A Heinlein Child Pays Homage to the Master
Price, Cynthia, ETC.: A Review of General Semantics
SOME SCHOLARS ARGUE that Robert A. Heinlein was the most influential writer of the 20th Century. There is no argument Heinlein was the greatest influence on my life. Long before I heard the phrase "Heinlein's Children" I considered myself such a child--a competent person raised on the principles espoused by the Grand Master of Science-Fiction.
Two major facets of my life resulted from reading Heinlein's works: I became a writer, and I became involved in space exploration--in both the US governmental space agency (NASA) and in private commercial space ventures.
When one Heinlein fan meets another, the question arises, "When did you first read Heinlein?" My answer is: When I was about 12 years old my sister gave me Heinlein's juvenile book Have Spacesuit-Will Travel. I was immediately captivated by the highly imaginative space travels of the children, Kip and Peewee, and by the gentle reassurances of the cat-like alien Mother Thing when their space adventures became scary and threatening.
From there I devoured all of Heinlein's other juvenile books, and then as an older teenager graduated to his adult novels such as Stranger in a Strange Land. After I read all his books, I looked for his writings in old issues of Boys Life, and then re-read his books. I tried reading other science-fiction authors (Heinlein preferred the tag "speculative fiction"), but their works didn't inspire me the way Heinlein's writing did. I found myself explaining to other readers, "I don't read science-fiction; I read Robert Heinlein."
It was my continued search for more Heinlein to read that caused me to discover the 2006 book Variable Star co-authored by Heinlein (who died in 1988) and Spider Robinson. Robinson, himself a Hugo award winner, was tasked with completing the 1955 novel Heinlein started to write after his original notes and manuscript outline were discovered a few years ago.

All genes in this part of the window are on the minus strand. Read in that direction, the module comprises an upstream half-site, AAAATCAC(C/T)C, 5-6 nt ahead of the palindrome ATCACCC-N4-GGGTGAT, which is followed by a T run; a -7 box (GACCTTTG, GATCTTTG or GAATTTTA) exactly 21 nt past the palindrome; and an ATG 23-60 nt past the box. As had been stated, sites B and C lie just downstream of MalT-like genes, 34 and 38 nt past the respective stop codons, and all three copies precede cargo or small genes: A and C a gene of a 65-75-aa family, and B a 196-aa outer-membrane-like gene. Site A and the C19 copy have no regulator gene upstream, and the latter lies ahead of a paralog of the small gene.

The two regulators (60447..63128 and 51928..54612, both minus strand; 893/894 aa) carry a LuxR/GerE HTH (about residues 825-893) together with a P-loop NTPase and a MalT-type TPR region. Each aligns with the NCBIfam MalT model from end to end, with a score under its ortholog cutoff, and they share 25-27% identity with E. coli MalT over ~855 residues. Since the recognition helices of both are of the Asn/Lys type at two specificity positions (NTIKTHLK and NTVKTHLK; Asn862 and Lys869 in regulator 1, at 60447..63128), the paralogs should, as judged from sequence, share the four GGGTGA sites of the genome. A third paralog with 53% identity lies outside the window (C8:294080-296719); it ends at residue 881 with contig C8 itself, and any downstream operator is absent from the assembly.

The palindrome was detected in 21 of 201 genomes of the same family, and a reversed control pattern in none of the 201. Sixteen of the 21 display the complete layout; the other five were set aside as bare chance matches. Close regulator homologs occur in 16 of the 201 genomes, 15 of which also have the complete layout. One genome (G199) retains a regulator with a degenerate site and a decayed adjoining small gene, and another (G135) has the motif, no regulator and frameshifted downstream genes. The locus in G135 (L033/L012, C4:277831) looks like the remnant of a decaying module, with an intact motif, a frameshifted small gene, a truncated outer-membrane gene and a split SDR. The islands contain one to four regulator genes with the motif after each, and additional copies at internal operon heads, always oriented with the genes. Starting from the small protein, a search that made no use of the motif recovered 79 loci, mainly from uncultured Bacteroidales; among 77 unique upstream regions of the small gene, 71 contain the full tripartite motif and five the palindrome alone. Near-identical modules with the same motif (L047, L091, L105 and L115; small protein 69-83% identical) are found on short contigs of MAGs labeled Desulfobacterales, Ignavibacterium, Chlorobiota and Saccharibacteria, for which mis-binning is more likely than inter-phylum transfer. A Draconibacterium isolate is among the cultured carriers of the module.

Robinson succeeded brilliantly with Variable Star, keeping true to Heinlein's original voice and didactic intentions while updating the story with modern references such as Googling and the Beatles songs in the future becoming classical music. Since Heinlein's death I had been searching for another Heinleinesque writer, and I had found him in Spider Robinson.
While searching Spider's website for more of his books, I came across the link to the Heinlein Centennial gala to be held on the anniversary of Heinlein's 100th birthday--July 7, 2007--in Kansas City. I signed up immediately.
Trying to explain to non-Heinlein muggles why I had to go to the Heinlein Centennial was challenging. To my aerospace employer and to my magazine publisher I simply stated I was "going to a writers' conference in Kansas City." My husband, who knew of Heinlein's impact on me, but who was not a Heinlein child, understood that I wanted to pay my respects to the great writer. I told him, "If there was a t-shirt that said Everything I Needed to Know About Life, I Learned From Robert Heinlein, I would wear it."
Reading Heinlein through most of my life had given me a perspective, points of reference, a paradigm, and life lessons I learned from Heinlein's fictional characters, who had already traveled through the final frontier of space/time and colonized and prevailed and survived. They had taken risks, not always fearlessly, and built new worlds with new societies and new social norms to be contemplated and considered as adaptable to my own 20th-21st Century existence. As the actual future unfolded with its new technologies and moral dilemmas, it was as if I had already lived a virtual dress rehearsal through Heinlein's writings. I greet the always-arriving future, not with the fear of the unknown, but with the warm embrace and familiarity of an old friend. I've been here before.
To a Heinlein child, much happens in our modern world for which there is a Heinlein reference. For example, during the Clinton administration, the FBI expressed concern about the capabilities of the newfangled Internet. …